Advisors who see social media as a gimmick or a burden they’d rather not be saddled with should reconsider its importance to their marketing plan.
There are two main goals for a social media marketing strategy, according to Jill Jacques, vice president of wealth management and retirement lead at North Highland, a global consulting firm.
“One is around deepening the client relationship and eventually share of wallet, starting with the core clients that you have and want to continue to build those relationships,” she told ThinkAdvisor on Tuesday. The second goal is client acquisition: “targeting the types of people you want to replicate in your book. Social media is a flexible way to both deepen client relationships as well as target the right kinds of clients for their ideal client profile.”
For the firm as a whole, there is a third goal, Jacques said: “That is around experienced advisor recruiting and targeting the right kind of advisor to come into the firm.”
Compliance, obviously, is a major issue for advisors who use social media in their marketing plans: FINRA announced in June that it was conducting “spot checks” on firms to make sure they were complying with social media regulations.
Jacques said that the first challenge for advisors adopting social media was “figuring out what can’t be done, how tailored it can be to pull out their strengths and personalities online. Firms are working right now with different vendors on how to systematize the compliance piece of it: archive and retain the social media content. For advisors, that can create more work if the compliance processes aren’t consolidated.
"A second challenge would be to figure out what they want their brand to be online and understanding that they need a through line and a consistent message, no matter what type of social media they’re using, so it doesn’t detract from their practice but enhances it.”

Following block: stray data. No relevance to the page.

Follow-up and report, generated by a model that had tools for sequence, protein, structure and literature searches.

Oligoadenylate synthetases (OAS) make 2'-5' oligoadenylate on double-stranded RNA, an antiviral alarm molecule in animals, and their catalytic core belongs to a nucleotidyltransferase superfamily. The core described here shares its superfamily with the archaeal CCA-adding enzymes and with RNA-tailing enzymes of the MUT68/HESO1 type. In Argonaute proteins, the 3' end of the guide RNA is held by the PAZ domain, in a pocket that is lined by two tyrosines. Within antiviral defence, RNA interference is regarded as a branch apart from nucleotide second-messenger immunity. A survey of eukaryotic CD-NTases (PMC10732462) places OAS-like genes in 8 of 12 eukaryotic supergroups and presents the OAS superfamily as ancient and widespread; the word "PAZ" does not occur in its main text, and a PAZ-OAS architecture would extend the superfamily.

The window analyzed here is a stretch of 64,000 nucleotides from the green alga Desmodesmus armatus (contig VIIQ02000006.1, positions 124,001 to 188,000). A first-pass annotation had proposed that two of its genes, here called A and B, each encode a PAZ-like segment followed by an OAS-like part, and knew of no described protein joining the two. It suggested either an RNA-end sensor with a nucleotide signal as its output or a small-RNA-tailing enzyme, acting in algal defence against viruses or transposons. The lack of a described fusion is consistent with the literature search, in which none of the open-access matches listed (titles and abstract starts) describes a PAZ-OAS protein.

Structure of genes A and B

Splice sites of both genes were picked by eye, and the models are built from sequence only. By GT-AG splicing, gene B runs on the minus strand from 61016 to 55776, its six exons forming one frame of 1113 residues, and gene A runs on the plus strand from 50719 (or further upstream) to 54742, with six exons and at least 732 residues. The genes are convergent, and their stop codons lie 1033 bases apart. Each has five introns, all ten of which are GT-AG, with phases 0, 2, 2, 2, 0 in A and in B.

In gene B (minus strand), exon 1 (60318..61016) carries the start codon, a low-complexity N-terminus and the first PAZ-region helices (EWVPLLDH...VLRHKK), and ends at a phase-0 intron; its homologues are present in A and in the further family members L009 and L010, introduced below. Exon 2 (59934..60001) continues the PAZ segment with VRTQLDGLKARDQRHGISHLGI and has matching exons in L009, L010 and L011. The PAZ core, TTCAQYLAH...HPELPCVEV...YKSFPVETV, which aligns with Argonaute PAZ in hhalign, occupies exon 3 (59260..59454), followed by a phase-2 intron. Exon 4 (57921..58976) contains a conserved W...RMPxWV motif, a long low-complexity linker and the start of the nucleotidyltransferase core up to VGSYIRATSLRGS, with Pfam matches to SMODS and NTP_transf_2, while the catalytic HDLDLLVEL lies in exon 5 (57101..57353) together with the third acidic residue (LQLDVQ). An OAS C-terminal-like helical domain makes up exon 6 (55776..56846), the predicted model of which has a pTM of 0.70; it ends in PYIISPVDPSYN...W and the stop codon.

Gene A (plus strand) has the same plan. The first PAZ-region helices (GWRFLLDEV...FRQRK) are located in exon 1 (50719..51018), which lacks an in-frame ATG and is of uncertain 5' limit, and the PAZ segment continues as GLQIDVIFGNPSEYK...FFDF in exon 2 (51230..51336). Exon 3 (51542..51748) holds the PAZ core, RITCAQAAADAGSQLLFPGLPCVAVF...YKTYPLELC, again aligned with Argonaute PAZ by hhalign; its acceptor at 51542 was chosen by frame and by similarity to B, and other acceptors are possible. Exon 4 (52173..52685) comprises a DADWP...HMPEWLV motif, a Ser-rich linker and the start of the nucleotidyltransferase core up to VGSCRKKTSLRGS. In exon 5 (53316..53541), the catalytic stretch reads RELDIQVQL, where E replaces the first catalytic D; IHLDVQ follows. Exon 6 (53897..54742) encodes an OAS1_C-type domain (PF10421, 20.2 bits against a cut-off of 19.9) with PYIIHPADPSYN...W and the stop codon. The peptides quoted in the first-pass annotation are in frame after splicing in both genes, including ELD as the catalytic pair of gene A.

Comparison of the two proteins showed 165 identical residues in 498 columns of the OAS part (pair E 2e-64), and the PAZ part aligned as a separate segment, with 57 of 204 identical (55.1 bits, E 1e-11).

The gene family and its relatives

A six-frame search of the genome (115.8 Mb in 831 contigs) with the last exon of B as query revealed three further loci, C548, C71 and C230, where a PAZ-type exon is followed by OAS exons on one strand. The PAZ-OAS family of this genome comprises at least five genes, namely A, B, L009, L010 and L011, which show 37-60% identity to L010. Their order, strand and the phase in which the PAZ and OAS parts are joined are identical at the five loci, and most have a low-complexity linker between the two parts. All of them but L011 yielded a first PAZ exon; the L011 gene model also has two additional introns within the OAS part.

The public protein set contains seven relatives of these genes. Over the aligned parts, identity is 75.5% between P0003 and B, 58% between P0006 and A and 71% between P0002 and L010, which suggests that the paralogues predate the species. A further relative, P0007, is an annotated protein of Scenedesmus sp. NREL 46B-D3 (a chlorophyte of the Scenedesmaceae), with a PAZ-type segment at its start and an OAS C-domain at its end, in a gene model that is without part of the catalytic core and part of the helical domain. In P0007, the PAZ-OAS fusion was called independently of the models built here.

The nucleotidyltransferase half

She acknowledged that compliance scares a lot of advisors away from using social media at first. “They think that compliance will be so unwieldy and overwhelming, but if you can get a baseline through compliance, most compliance departments know that social media is a necessity, especially around websites and LinkedIn.” Jacques said that many compliance departments are working more with advisors “to figure out a good solution, so you can get a template of some sort to get started. Get a baseline presence on social media, and then evolve to the more interactive social media that needs to be more of a daily or weekly update.”
Jacques called LinkedIn the “front-runner” in social media for firms and individual advisors. “It does present itself as the professional social media outlet,” she said. “That has been taking off more and more, to the extent that firms will allow FAs to use LinkedIn. There are plans in place across the industry for how to create a surround sound marketing message with Facebook and Twitter, but going back to what your brand and your messaging is, FAs are trying to figure out the types of folks they will attract on Facebook and Twitter, what kind of information they should be putting out there.“